Wednesday, May 6, 2015

Nepal: From my friends Olga and Nori who were traveling in Nepal when the latest Earthquakes snapped

Here is my diary entry of two days ago. The Nepali are being compared to how the Japanese acted during the tsunami tragedy, stoic....and they are...anyhow, here is the entry.
Monday May, 4th, 2015
Woke up early, supposed to be at the meeting point at 9 a.m. Arrived, had coffee and boiled egg then Nabaraj told us that the group was leaving at 2 . The sun in Nepal is wicked. It’s been hot and bright, but not humid like in Thailand. Beneath my UV umbrella it is cool, or rather slightly cooler.
Nori is sick. That darned water buffalo meat that we ate at Gopi’s place is cruelly running amok in his belly. He has been grumbling as waves of nausea wash over him, impossible for him to accompany me to the village to distribute the donations. I feed him medicated carbon, antacids and tea. I always feel so lost without Nori, he carries my extra batteries, my extra memory chips, extra toilet paper, water, all our money even my tripod if need be…and my UV umbrella. 
I was told that we were not going very far, only 45 minutes away, so no mountains to climb with our jeep and loaded down truck. The affected community is located in part of the Kathmadu valley, flatter than most areas, no high points with snow, only neon green patchy fields of rice, corn, it is green everywhere except in the far distance I can see dots of red saris and ‘kurtas’ that the women wear as they bend in half tending their fields. Red and green, blue sky and sunshine….what a scene with folded mountains in green and purple hugging Hetauda. It is so pretty, but I do miss not being able to see the Himalayas.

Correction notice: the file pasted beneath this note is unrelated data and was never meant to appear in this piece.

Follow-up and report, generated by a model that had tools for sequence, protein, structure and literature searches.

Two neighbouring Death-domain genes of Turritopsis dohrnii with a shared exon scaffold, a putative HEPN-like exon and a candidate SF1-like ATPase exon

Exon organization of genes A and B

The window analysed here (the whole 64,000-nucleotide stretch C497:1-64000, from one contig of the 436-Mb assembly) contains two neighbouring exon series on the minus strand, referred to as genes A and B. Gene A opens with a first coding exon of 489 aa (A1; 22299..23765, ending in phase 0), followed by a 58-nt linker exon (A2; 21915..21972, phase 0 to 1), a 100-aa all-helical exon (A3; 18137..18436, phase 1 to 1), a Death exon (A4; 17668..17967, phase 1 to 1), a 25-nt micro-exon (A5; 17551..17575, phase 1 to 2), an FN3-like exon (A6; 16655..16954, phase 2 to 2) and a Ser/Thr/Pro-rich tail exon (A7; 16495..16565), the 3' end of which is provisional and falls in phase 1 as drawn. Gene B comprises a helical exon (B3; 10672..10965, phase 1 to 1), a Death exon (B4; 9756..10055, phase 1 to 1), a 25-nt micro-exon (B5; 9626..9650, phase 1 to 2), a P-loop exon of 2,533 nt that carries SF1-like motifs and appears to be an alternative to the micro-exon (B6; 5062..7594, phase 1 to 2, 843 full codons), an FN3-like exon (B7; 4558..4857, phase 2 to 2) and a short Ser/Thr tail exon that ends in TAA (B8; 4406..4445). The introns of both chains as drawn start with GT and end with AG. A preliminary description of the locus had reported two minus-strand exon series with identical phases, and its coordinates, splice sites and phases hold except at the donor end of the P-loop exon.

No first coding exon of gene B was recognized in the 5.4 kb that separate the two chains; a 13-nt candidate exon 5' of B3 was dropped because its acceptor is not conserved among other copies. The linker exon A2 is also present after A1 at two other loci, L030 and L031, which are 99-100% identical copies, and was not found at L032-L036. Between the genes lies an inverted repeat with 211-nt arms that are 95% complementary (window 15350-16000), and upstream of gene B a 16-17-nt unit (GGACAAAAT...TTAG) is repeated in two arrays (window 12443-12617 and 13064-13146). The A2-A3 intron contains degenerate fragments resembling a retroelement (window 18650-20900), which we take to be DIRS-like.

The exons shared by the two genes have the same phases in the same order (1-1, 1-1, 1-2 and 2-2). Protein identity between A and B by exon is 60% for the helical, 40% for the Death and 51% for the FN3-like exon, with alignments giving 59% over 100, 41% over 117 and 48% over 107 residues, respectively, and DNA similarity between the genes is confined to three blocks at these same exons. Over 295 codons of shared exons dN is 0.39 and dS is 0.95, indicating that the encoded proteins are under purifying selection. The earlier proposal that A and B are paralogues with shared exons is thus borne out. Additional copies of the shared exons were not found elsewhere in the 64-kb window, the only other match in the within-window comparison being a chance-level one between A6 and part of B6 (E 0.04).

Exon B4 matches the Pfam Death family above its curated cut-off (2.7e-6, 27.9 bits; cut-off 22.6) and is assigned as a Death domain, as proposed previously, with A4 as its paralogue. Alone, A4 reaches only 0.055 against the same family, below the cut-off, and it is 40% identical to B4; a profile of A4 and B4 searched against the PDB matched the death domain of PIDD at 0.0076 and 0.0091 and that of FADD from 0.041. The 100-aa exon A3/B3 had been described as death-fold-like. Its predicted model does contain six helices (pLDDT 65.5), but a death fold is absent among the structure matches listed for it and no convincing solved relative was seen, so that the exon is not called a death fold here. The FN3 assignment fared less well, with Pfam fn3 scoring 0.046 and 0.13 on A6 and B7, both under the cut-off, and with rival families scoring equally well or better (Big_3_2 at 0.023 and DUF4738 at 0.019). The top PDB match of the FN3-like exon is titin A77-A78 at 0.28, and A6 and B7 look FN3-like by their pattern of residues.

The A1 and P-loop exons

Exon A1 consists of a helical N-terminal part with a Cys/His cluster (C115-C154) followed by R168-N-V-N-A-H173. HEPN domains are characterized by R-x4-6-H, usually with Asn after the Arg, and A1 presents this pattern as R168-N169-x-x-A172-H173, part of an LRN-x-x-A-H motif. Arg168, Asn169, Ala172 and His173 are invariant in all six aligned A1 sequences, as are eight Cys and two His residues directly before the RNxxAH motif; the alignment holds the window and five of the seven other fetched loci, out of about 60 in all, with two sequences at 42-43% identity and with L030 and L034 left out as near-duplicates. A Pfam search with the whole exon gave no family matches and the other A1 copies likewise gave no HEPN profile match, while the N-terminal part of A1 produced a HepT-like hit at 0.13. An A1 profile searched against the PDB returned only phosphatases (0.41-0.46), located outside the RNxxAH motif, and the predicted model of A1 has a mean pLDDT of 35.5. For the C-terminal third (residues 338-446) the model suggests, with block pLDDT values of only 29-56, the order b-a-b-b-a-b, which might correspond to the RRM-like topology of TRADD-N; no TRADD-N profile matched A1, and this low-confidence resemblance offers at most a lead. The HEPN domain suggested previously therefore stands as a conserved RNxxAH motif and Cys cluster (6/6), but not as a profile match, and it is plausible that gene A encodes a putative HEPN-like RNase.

Driving along to our destination we did see destruction, but not like the news channels show. Life continues to clip along even tho’ half of a house is in ruins. Yes, some folks are staying outside and under tarps. Many of the homes are newly built, small square solid structures that have not suffered the same crumbling fate of older buildings.
The paved road continues to meander through green lushness. The mood in the jeep is buoyant, cacophonous sounds hit me from all sides, laughter, mobile phones going off, the young guys in the back are singing. Our loaded down truck is ahead and waddling along, goods hanging out the back, bouncing. It feels merry. I sit quietly.
The road changes from paved to gravel, then to a gravel path and finally we turn a corner and the road is a forest path and is no more.
Waiting for our arrival are the members of the village, clumped together on a hill, and as we get out of the jeep we are greeted with a collective “namaskar”… notch higher in respect above “Namaste” the normal greeting. We are not going to their village, they have come to us, since there is no road that we can use.
This trip is very well organized. The leaders of the village have a table ready. Our leaders have notebooks ready, the village leader writes down names of donors in an officious looking black book, a huge sign in Nepali goes up, it says Hetauda School Road Earthquake relief fund (I know this because Anu translated for me). The jeep is unloaded, everyone is watching. There is a lot of needed stuff, piles of it, a variety of things.